In today’s fast-paced world, where business is increasingly conducted electronically, infrastructure reliability and network up-time are crucial. Infrastructure weaknesses can lead to network downtime, and outages can prove costly for businesses.
Network uptime can be affected by three primary factors. Focusing on adding redundancy to these three elements can help ensure network reliability and decrease the likelihood of an outage.
Servers, like any piece of equipment, have the potential to overheat if proper steps are not taken to control their temperature. Servers typically run uninterrupted, unlike desktop PCs that are powered down, or go into idle mode throughout the day. Servers also are often housed in small rooms, and in close quarters with other network equipment. These server rooms can quickly warm to levels that can jeopardize equipment.
Whether a business is housing its own equipment, or outsourcing network and server functions to a third party or cloud provider, it is critical to ensure that network infrastructure is properly cooled. At least two cooling methods should be employed to ensure there is a backup in case one cooling method fails. Possible cooling solutions include rooftop air conditioning units, external condensers, and computer room air conditioning units.
Sometimes the most obvious point of weakness is the most overlooked. Infrastructure equipment requires power to function, and reliable data center power with a backup power solution for redundancy is critical.
An A+B power feed, which creates two independent channels from the public power source to the infrastructure equipment, should be at the top of the requirement list for data center power. This eliminates potential single points of failure when power channels are shared at any point.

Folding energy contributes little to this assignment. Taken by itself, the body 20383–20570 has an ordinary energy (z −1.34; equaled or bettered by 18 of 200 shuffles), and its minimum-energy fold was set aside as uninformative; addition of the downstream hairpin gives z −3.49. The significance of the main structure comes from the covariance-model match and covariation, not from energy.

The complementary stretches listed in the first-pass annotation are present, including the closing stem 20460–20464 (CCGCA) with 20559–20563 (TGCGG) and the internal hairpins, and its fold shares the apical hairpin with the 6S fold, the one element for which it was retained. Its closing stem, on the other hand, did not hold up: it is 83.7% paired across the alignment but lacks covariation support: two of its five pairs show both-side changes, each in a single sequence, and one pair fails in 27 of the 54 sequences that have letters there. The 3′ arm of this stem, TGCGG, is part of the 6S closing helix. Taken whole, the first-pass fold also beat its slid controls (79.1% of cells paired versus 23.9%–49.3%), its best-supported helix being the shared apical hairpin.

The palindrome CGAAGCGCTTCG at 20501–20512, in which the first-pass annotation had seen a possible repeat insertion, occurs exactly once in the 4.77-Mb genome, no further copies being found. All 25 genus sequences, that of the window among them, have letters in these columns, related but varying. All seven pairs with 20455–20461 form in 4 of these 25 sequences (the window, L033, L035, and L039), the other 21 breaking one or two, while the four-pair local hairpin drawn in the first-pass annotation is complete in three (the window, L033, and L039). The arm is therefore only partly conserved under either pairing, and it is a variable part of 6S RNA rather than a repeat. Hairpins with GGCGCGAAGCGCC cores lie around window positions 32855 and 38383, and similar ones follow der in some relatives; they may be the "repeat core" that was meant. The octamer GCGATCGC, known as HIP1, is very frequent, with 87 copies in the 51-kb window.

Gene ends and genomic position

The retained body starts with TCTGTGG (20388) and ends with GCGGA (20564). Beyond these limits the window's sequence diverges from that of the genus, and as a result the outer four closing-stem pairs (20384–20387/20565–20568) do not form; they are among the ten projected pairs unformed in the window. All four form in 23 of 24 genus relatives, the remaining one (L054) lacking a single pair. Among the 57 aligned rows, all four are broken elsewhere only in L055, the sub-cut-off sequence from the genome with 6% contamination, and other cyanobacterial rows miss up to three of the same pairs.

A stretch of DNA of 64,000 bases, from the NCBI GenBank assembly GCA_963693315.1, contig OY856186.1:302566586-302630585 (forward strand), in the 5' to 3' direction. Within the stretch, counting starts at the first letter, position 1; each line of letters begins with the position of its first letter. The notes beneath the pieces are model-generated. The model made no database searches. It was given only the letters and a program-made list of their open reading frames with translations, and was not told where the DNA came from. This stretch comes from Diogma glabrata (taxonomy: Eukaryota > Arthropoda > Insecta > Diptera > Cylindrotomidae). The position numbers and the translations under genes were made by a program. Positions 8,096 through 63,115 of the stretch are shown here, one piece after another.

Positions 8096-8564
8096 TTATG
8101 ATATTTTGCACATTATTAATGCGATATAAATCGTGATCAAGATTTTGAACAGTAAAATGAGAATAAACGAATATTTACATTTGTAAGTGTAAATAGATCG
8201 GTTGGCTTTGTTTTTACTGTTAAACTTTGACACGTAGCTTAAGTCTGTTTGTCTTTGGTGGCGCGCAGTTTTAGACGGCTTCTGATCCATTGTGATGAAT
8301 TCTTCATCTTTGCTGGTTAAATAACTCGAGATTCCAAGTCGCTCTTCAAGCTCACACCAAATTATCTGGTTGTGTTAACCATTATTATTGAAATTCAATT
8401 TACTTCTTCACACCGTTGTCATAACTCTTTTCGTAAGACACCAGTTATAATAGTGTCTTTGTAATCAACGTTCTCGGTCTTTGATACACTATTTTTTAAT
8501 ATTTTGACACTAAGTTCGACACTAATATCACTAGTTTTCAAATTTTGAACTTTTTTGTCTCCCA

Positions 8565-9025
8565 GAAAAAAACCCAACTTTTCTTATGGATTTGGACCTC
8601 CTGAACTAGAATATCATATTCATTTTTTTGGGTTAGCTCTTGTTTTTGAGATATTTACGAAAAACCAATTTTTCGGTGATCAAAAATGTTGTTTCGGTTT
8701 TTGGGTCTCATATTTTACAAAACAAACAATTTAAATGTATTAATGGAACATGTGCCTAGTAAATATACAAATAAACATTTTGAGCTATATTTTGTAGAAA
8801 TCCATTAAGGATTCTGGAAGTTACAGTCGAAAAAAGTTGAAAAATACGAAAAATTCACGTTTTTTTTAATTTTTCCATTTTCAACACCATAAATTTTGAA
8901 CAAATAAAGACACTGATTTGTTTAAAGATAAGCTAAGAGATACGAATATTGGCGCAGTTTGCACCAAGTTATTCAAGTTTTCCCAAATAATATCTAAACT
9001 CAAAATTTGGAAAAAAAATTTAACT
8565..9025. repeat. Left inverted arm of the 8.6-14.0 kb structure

Some of the power options that can be included in each feed are uninterruptible power supply, utility power, back-up generator, maintenance bypass panel, internal server power, mains distribution panel, and an automatic transfer switch. Each power feed should have at least one of these options, and should be able to handle the entire server load at peak usage independently to create redundancy.
The equipment used to connect infrastructure to the Internet is another potential point of weakness. Routers and switches wear out relatively quickly, and should be properly maintained and replaced in a timely manner. Integrating backup connections to create redundancy can help prevent network downtime. In addition, connections from the data center to the external Internet network are crucial for network uptime. Peering arrangements with multiple connections create redundancy and reliability, and can optimize performance.
Another important key to making sure potential network failure is mitigated is to choose network and infrastructure providers that are committed to reducing or eliminating single points of failure by adding backups and redundancies. Network downtime is costly and unacceptable, but there are simple ways to build in redundancy. Cutting corners on infrastructure reliability leads to network downtime and service interruptions that can ultimately cost more than building redundancy in from outset.